[WATCH] On Egrant, Muscat vows ‘to get to the bottom of this calumny’ after inquiry is published

Prime Minister says Simon Busuttil ‘caught up in a lie over Egrant’ and deliberately holding on to information

Prime Minister Joseph Muscat
Prime Minister Joseph Muscat
Prime Minister vows to get to the bottom of 'Egrant calumny'

Prime Minister Joseph Muscat has accused Opposition leader Simon Busuttil of deliberately holding on to information that was passed on to the Commissioner of Police over transactions made by chief of staff Keith Schembri, to purposely delay the outcome of a magisterial inquiry.

Joseph Muscat said he was confident that an inquiry into allegations that his family owned an offshore company Egrant Inc., would absolve him, saying he was ready to resign at the slightest hint of a link.

“Busuttil has not taken my challenge to do likewise if the Egrant inquiry absolves me… I have no doubt that yesterday’s publication of the transactions was done because Busuttil knows he will get caught up in a lie about Egrant, and he is trying to delay the inquiries.”

Muscat insisted that it was the Egrant allegation that escalated matters, when Busuttil held a press conference expressing concern on the gravity of the situation.

“I’m waiting for Busuttil to take up my challenge… After the inquiry is published, I want to get to the bottom of this matter, to know personally and for the country, to see who coordinated this lie. I will consider all steps after the magistrate’s inquiry is published.”

Muscat has previously called the Egrant allegation “the biggest political lie in history” and today hinted he would take legal steps for calumny.

Muscat also said that he had already forwarded a sealed information prepared by the three judges in the CapitalOne inquiry as to PN's deputy leader Beppe Fenech Adami's role as a fiduciary director of CapitalOne Investment Group. "I did what the judges told me to and forwarded the contents of this sealed information, which I read upon advice of the Attorney General, for further investigation."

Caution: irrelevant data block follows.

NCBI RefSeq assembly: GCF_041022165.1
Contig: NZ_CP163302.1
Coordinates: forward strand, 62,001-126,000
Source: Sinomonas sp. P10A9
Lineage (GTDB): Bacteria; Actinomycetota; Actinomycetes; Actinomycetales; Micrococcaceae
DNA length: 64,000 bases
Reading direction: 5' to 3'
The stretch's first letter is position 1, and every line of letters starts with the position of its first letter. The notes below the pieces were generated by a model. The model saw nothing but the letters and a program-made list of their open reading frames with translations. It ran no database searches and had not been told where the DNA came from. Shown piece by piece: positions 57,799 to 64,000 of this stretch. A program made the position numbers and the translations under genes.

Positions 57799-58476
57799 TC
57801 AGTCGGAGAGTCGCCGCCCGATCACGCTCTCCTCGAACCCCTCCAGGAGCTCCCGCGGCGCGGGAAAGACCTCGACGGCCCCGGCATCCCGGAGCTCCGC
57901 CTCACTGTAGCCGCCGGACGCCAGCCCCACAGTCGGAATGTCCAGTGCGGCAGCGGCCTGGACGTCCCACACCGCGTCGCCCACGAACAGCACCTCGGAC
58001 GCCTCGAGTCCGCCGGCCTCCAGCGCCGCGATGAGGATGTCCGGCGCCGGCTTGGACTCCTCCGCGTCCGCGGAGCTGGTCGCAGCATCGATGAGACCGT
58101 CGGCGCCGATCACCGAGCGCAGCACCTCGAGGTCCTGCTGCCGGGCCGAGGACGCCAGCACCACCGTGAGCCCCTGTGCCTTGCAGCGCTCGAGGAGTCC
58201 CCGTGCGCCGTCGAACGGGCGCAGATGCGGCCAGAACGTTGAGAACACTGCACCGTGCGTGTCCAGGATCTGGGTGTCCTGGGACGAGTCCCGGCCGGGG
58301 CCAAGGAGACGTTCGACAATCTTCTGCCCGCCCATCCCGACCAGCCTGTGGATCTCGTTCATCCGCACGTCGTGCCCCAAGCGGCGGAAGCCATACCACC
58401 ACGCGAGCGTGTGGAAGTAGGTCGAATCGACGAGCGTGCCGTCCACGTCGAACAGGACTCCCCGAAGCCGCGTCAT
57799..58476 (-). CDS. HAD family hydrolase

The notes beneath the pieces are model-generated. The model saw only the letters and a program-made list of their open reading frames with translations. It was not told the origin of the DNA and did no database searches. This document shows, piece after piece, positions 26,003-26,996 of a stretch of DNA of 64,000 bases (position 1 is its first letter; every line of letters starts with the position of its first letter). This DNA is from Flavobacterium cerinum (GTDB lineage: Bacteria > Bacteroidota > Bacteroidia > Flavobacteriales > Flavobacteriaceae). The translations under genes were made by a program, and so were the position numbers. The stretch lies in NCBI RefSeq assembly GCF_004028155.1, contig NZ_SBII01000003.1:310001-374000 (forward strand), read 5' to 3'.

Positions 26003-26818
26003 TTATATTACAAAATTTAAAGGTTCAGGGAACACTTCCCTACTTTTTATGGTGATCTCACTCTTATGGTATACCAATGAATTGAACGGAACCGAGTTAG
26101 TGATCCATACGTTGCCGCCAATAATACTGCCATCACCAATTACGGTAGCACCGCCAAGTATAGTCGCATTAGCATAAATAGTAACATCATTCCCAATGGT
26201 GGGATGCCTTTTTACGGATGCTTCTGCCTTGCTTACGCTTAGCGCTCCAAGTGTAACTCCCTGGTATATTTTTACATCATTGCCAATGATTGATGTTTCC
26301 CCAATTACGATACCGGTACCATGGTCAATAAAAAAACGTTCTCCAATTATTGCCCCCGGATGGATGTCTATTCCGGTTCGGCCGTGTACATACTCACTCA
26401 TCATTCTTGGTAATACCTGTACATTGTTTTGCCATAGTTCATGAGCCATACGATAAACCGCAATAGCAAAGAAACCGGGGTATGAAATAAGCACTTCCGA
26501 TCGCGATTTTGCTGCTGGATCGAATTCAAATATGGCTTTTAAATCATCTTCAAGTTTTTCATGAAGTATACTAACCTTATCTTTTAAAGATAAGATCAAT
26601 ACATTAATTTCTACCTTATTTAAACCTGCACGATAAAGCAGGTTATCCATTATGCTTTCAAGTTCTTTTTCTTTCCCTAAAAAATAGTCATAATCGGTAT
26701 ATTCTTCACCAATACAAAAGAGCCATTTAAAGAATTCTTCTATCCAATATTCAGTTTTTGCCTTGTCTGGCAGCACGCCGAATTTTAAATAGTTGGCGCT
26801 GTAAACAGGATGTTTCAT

The CapitalOne inquiry was concluded earlier this year, and in March the government had said that the report had been passed on for further investigation by the FIAU and the police.

Opposition leader Simon Busuttil yesterday announced he had received new information and evidence of a “new case of criminality and corruption” implicating Joseph Muscat’s chief of staff Keith Schembri.

Busuttil said he has in his possession an entire cache of documents showing how Schembri paid former Allied Group managing director Adrian Hillman €650,000 in payments between 2011 and 2015 without any form of explanation. “The payments came from secret structures that indicate a textbook case of bribery and money laundering,” Busuttil said.

Schembri’s Kasco Group had won a competitive tender to supply Allied Group’s Progress Press with its printing press in 2010. Busuttil said Schembri used a Gibraltarian company and various bank accounts in Switzerland and Gibraltar to pass on money to Hillman or Hillman’s offshore company in the British Virgin Islands company, Lester Holdings.

But Muscat today said this was a rehash of information that was already available.

“It’s been in Busuttil’s hands for some time and instead of taking this information to the investigating magistrate, he has tried to create some act about receiving the information so that he can release it mid-campaign.”

Muscat said the allegations relate to Schembri’s business affairs from 2006 onwards – Schembri’s Kasco Group supplied Allied’s Progress Press with newsprint and later on a printing press – and had nothing to do with Schembri’s political life.

“I’m also informed all transactions were declared to the Inland Revenue… tax was paid locally. I have no doubt Busuttil did what he did because he will get caught up in a lie over Egrant and he is trying to delay proceedings.”

Muscat also said that Allied Newspapers, publishers of The Times, had already commissioned an internal report by Judge Giovanni Bonello into the allegations of payments from Schembri to Hillman, but instead resolved to have an amicable settlement with Hillman. “The Times should have published the outcome of this inquiry,” Muscat said.